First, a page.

A CT scan at 1 month showed partial thrombosis of the false lumen in the distal thoracic aorta and persistent perfusion in the upper abdominal aortic false lumen extending to the distal aorta where the false lumen was causing some compression of the infrarenal stent graft (Figure 3). The diameter of the infrarenal aneurysm had decreased by a few millimeters. The persistent false lumen perfusion was thought to be due to remaining natural fenestrations at the level of the visceral vessels. In view of the fact that the aneurysm had decreased in size, it was decided to keep the patient under surveillance rather than to intervene further.
CT scans at 7, 13, and 15 months after the procedure showed persistent filling of the false lumen from the upper abdomen to the bifurcation. The diameter of the infrarenal aneurysm also increased in size from 5 mm to 8.5 cm.
Due to the failure of the false lumen to thrombose and the increased size of the aorta, we decided to close the remaining communications between the false lumen and the true lumen at the level of the visceral vessels by surgical bypass of the celiac, superior mesenteric, and left renal arteries, and placement of an endograft between the thoracic and abdominal aortic endografts.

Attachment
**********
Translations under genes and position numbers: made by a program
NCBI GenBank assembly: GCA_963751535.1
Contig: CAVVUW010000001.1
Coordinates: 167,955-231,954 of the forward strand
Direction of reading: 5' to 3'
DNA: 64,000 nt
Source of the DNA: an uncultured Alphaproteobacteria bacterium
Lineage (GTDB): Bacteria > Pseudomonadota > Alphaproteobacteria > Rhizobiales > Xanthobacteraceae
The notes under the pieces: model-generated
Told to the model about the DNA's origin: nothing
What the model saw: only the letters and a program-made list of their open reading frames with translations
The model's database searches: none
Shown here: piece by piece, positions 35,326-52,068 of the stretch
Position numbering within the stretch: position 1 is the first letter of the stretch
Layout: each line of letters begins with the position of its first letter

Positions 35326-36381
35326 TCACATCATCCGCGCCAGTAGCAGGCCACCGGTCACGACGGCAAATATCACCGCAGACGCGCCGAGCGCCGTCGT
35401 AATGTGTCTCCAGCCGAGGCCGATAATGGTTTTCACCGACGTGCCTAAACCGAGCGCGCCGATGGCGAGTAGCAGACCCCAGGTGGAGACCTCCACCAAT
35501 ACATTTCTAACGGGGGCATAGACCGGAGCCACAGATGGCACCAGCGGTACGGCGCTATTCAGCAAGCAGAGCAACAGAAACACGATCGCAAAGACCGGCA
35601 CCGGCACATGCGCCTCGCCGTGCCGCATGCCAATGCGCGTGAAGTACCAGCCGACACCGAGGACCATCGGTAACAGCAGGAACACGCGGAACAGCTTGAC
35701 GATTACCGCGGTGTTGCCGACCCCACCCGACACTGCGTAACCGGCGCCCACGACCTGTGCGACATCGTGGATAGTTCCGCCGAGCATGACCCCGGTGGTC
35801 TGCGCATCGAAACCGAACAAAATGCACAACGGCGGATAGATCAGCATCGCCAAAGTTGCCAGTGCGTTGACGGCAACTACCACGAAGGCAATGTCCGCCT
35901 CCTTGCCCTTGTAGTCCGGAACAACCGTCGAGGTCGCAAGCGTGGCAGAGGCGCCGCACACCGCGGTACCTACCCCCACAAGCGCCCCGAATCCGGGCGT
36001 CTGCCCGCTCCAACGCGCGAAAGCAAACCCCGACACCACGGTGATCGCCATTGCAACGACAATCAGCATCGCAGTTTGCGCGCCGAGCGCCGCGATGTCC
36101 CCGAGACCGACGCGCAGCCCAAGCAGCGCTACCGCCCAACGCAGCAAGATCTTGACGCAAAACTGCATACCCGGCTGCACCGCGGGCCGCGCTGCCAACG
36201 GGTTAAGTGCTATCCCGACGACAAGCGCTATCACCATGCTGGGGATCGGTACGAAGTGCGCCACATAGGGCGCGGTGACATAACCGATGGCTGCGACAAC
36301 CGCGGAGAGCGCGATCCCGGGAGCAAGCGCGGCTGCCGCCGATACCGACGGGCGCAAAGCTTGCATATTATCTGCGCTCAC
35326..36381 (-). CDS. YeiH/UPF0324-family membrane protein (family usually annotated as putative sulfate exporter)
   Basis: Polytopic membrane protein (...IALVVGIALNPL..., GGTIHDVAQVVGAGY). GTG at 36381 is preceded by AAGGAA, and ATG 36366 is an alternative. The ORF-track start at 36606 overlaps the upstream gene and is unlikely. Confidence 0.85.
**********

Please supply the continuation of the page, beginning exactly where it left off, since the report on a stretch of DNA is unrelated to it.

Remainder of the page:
Hybrid surgery was attempted but was abandoned due to severe coagulopathy before any bypass was performed but after all vessels were dissected. The patient required packing and was managed on the critical care unit. He recovered fully. Hematology review diagnosed a complex hematological disorder characterized by abnormal platelet function. A subsequent attempt at visceral revascularization was scheduled under platelet cover and administration of NovoSeven (Novo Nordisk Inc., Clayton, NC).
At surgery, a 16-mm X 8-mm silver bonded Dacron graft was anastamosed to the right iliac artery and then via an end-to-side anastomosis onto the superior mesenteric artery and the common hepatic artery via a retropancreatic tunnel. The origins of the superior mesenteric artery and coeliac axis were ligated. The left renal artery was unable to be accessed due to excessive scar tissue from the previously attempted bypass.